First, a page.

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Sunday, September 4, 2011

Using a WYSIWYG Dojo Editor in a Play! Form

This post contains declarative code for integrating the Editor Dijit from the Dojo Toolkit.  The code declares an Editor Dijit on a <div> element, submits the content via a hidden <textarea>. and mediates the two elements with an onChange() handler.

The Editor Dijit from the Dojo Toolkit is a powerful WYSIWYG text widget.  Editor can control formatting as well as advanced functions like redo, full screen view, and pretty printing.  This post describes a scenario where Editor is used for basic style formatting.  It assumes some Dojo knowledge of including the libraries and stylesheets in an HTML page.

A Form using ValidationTextBox, Editor, and Button Dijits

The Play! Framework

The Play! Framework is a dynamic MVC implementation.  Play! processes forms using a request/response model (versus event-driven).  Play! has a great syntax for binding forms to controller logic.  For example, the following form -- supplemented with Dijits from the Dojo toolkit --- will invoke the controller method createTextualProc().

Play! Form with Dijits

This form picks up 'tutorial_id' from a calling controller method.  Several fields are defined (like 'proc_title_tx') that will be submitted along with tutorial_id.  The specific method invocation on createTextualProc() will be the following with all form variables bound to Java method arguments.

public static void createTextualProc(Long tutorial_id, String proc_title_tx, String proc_desc_tx, String save_b, String cont_b)

For more on Play! Framework controllers and the interaction between controllers and the data model, see the documentation.

With Dijits

A Javascript toolkit like Dojo enhances the Play! UI through client-side validation, WYSIWYG editing, and more pleasing controls through fading and highlighting. "Dijits" are Dojo widgets that enhance HTML versions  (like Button) or construct more complex controls (like Editor, Calendar, or ColorPalette). For more information on the Dojo toolkit and Dijits, visit the documentation page.

There are two techniques for using Dijits in view code: declarative and programmatic.  This post's examples are declarative which means that the Dijit definitions are mixed with the HTML.  Note that there is a new declarative HTML 5 syntax being adopted which doesn't hijack the standard (dojoType isn't a valid XHTML <input> attribute).  The programmatic technique puts all definitions in Javascript using constructors and setters.

Editor Dijit

Simple Dijits like Button and ValidationTextBox are annotation of existing HTML components.  As a result, they're submitted along with a form.  To use Editor in a standard HTML form, you need to add extra markup to create a hidden <textarea> element that will be responsible for submitting the Editor data.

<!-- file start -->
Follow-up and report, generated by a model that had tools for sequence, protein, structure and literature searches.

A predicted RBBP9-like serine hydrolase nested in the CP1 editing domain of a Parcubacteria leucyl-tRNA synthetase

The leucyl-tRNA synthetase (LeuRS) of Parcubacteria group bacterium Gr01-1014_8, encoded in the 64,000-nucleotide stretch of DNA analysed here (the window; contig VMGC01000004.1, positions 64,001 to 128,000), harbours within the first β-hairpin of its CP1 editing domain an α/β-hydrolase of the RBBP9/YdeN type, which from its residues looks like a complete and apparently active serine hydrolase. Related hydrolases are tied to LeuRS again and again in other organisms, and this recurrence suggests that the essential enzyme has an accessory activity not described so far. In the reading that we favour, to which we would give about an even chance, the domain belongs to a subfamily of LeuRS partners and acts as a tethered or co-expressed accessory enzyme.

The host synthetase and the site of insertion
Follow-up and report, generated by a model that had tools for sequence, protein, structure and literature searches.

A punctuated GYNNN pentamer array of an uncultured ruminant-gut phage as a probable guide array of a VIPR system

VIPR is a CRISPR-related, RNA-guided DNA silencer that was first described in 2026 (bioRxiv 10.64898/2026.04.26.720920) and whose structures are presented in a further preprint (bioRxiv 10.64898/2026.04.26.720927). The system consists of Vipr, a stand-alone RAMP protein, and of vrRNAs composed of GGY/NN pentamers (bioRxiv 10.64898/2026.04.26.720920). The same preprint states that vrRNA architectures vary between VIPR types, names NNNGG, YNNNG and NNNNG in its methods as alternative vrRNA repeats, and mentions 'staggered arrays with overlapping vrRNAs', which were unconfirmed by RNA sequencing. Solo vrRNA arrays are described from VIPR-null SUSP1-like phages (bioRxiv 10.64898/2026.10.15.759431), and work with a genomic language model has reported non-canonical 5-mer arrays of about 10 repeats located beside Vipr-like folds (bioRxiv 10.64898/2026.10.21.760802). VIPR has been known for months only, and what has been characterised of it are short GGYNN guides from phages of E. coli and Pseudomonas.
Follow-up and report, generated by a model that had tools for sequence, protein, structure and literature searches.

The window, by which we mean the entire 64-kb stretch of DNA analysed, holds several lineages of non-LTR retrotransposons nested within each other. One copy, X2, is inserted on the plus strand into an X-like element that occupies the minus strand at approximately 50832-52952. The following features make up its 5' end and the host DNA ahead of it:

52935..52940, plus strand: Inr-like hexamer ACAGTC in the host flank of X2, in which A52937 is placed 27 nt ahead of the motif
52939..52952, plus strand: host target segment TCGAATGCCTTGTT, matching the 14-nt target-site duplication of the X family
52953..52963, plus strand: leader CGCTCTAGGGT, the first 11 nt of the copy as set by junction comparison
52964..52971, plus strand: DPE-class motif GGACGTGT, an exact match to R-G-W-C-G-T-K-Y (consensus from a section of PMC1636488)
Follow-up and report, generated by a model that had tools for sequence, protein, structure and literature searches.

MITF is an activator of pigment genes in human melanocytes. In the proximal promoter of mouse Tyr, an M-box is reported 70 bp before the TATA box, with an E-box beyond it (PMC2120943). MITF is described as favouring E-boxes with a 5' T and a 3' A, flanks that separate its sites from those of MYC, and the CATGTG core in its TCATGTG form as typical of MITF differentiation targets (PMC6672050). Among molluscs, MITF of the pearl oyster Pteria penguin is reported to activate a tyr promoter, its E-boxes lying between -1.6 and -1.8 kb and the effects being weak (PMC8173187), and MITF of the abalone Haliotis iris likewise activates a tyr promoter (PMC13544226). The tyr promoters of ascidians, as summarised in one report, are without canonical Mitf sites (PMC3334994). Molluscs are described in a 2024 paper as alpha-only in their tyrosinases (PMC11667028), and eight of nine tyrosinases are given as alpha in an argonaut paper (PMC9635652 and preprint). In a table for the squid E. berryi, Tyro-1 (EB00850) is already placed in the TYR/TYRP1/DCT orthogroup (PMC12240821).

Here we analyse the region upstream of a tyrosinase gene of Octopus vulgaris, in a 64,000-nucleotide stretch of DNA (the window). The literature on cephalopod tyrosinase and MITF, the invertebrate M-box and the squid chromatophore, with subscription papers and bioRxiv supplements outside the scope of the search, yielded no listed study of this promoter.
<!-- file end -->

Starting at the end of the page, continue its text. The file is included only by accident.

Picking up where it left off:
In the screenshot "Play! Form with Dijits", the Editor Dijit is integrated with an HTML form in three parts.  The first part is the Dijit definition which is a <div> annotation with dojoType="dijit.Editor".  The second part is a hidden <textarea> element containing an id/name pair that is to be the submitted variable name.  The last part is a block of Javascript that will link the Editor with the <textarea> when the Editor is changed, making it available for form submission.


I'm relying on the Play! Framework's #{field} tag to define the ids and names of the Editor Dijit, <textarea>, and a label (&{field.name}).  I established a convention that the Dijit will use the same name as the <textarea> plus a "_ed" suffix.  Although you can use hardcoded ids and names, the block will be more portable if the form variable name (proc_desc_tx) can be changed in a single place.  A custom tag can also help with reuse.

Filling in Values

The "Play! Form with Dijits" code displays a blank form.  This is a snippet of a form that will start with a value.  Note the ${field.value} tag.  Also, this is referring to a different form variable which uses a dot notation to bind to an object's fields.

Filled-in Value

These are a few troubleshooting tips to check if don't see the editor control or it comes up malformed.

  1. Editor doesn't display.  Check the height attribute.
  2. Content not submitted with form.  Check for a name mismatch on the <textarea> or in the coordinating Javascript.  
  3. Empty content.  Make sure that your event handler is being called.  If you can't get the declarative <script> to fire, comment it out and try calling a Javascript function from the Editor itself by using something like onClick="myfunction()" on the Editor <div>
  4. Editor is misshapen or not rendering correctly.  There is a problem with the included styles.  Make sure that the <body> element has a class with a theme like "claro" and that that class' stylesheet is included ("dijit/themes/claro/claro.css").
  5. Opera.  I've had some trouble getting the onChange to consistently fire on Opera.  Check your page in another browser.  If there's an Opera problem, create a submit handler that will transfer the Dijit value to the <textarea>. 
An Opera Workaround

#{form @saveTextualProc(), onsubmit: 'updateDesc()'}

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